Charities should not be frightened to make a public apology if something has gone badly wrong in the organisation, a PR expert has advised.
Speaking at Third Sector's event on crisis planning yesterday, Tim Toulmin, director of the PR firm Alder, said that during a crisis a charity should be "human" and make an apology as soon as possible if the situation warranted one.
"When something has gone wrong, when someone has been inconvenienced or hurt or let down, it is just a pure human need to be apologised to," he said.
"So don’t be afraid of doing that, if that’s the case, and don’t be afraid of doing that quickly."
He said many charities were nervous that any apology for their mistakes could lead to consequences with their lawyers or insurance firms, but added that most of the time insurers and solicitors would be supportive.
Toulmin said charities should accept that, in the early stages of a crisis, the media probably knew more about the situation than the charity.
Therefore, Toulmin said, communications teams and senior staff should be aware that "any false reassurances at this point make hostages to fortune that will come back to make matters worse".
Charities must also ensure they respond to any allegations during a crisis, even if this is a holding statement while staff try to ascertain allegations put to them by journalists.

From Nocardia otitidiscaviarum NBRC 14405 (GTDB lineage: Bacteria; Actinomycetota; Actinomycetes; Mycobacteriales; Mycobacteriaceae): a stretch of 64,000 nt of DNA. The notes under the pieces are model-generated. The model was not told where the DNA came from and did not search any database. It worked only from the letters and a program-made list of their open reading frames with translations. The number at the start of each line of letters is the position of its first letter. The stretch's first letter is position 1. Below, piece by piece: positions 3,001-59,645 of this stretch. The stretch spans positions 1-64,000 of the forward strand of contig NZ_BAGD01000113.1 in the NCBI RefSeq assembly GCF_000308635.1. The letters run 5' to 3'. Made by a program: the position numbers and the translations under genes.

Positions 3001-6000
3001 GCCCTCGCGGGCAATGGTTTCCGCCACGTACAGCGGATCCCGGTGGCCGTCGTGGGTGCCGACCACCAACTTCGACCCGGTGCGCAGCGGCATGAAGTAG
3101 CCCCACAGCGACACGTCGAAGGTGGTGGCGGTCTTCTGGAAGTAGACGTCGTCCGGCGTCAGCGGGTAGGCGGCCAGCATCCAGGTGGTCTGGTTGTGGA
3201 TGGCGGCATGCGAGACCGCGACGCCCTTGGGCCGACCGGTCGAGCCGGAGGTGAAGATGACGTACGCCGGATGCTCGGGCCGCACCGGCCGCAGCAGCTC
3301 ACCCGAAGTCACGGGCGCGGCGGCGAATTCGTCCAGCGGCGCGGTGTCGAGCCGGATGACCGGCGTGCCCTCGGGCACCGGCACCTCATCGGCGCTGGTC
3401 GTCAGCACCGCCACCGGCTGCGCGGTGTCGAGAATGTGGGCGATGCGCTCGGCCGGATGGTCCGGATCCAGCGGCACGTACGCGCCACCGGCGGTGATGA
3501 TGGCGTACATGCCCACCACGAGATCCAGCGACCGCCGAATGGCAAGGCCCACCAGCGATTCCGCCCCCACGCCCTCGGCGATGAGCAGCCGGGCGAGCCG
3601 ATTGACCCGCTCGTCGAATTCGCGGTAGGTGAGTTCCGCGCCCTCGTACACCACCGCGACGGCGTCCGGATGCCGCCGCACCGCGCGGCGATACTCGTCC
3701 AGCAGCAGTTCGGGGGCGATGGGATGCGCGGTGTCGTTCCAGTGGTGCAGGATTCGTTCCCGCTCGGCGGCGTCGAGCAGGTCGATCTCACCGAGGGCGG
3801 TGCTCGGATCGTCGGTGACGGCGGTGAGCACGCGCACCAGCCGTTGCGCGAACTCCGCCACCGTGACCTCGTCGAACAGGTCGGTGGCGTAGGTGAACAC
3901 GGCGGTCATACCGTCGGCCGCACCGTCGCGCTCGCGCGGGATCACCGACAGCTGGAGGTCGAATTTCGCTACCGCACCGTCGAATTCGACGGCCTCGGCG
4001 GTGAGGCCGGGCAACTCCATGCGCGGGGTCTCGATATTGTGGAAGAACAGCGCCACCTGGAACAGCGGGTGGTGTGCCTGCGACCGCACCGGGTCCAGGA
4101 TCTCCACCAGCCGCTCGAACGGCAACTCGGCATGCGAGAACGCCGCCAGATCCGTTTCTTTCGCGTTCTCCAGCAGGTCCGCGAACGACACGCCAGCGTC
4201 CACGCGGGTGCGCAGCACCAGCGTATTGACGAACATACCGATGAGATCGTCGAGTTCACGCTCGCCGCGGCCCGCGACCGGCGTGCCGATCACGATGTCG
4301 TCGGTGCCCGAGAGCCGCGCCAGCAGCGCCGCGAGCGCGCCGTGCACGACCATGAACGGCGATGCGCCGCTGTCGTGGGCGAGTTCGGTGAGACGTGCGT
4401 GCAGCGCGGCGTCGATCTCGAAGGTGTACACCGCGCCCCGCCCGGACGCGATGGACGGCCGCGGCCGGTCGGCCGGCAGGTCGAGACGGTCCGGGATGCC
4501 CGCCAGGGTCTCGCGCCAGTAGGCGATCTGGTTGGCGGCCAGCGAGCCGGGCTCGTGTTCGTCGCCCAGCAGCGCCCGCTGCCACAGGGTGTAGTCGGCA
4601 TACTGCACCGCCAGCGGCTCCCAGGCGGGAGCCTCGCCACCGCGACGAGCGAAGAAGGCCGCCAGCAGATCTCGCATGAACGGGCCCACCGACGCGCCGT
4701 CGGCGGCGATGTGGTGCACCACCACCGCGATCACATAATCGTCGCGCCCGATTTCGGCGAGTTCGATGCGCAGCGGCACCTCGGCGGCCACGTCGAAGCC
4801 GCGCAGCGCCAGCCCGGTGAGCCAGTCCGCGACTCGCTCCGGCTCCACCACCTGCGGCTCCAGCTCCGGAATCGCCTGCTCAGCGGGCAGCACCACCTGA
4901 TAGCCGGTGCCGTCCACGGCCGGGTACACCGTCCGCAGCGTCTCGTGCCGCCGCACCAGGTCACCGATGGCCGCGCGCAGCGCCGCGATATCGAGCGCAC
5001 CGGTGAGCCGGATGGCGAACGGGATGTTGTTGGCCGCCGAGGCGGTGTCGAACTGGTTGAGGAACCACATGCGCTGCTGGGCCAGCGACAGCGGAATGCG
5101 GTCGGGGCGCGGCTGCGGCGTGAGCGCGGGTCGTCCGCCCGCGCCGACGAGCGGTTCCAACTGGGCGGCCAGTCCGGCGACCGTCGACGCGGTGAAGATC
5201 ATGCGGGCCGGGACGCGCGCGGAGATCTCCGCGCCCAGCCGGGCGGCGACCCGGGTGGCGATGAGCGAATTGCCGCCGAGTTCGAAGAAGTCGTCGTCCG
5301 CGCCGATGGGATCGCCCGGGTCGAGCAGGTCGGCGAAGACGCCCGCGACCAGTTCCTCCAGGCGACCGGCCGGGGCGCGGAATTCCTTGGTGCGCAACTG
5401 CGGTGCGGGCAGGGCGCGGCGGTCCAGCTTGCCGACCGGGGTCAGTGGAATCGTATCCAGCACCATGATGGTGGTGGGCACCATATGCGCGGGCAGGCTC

"You hardly get any time before you are defined as incompetent or complicit," Toulmin said. "In fact, silence is taken as an acceptance of the issue, even if that is totally unfair."
Also speaking at the event, Polly Kettenacker, deputy head of external affairs at the Charity Commission, said charities’ attitudes to crises could have an impact on the regulator’s response.
She said that if a charity was seen to be cooperative and trying to deal with the situation, "that will determine in part our regulatory response", and sometimes the commission’s response was prompted by concerns about the charity’s reaction to an incident, rather than the incident itself.
Kettenacker told charities to ensure they demonstrated that they recognised the gravity of an incident, and avoid putting it in the context of their other work when discussing the incident in public.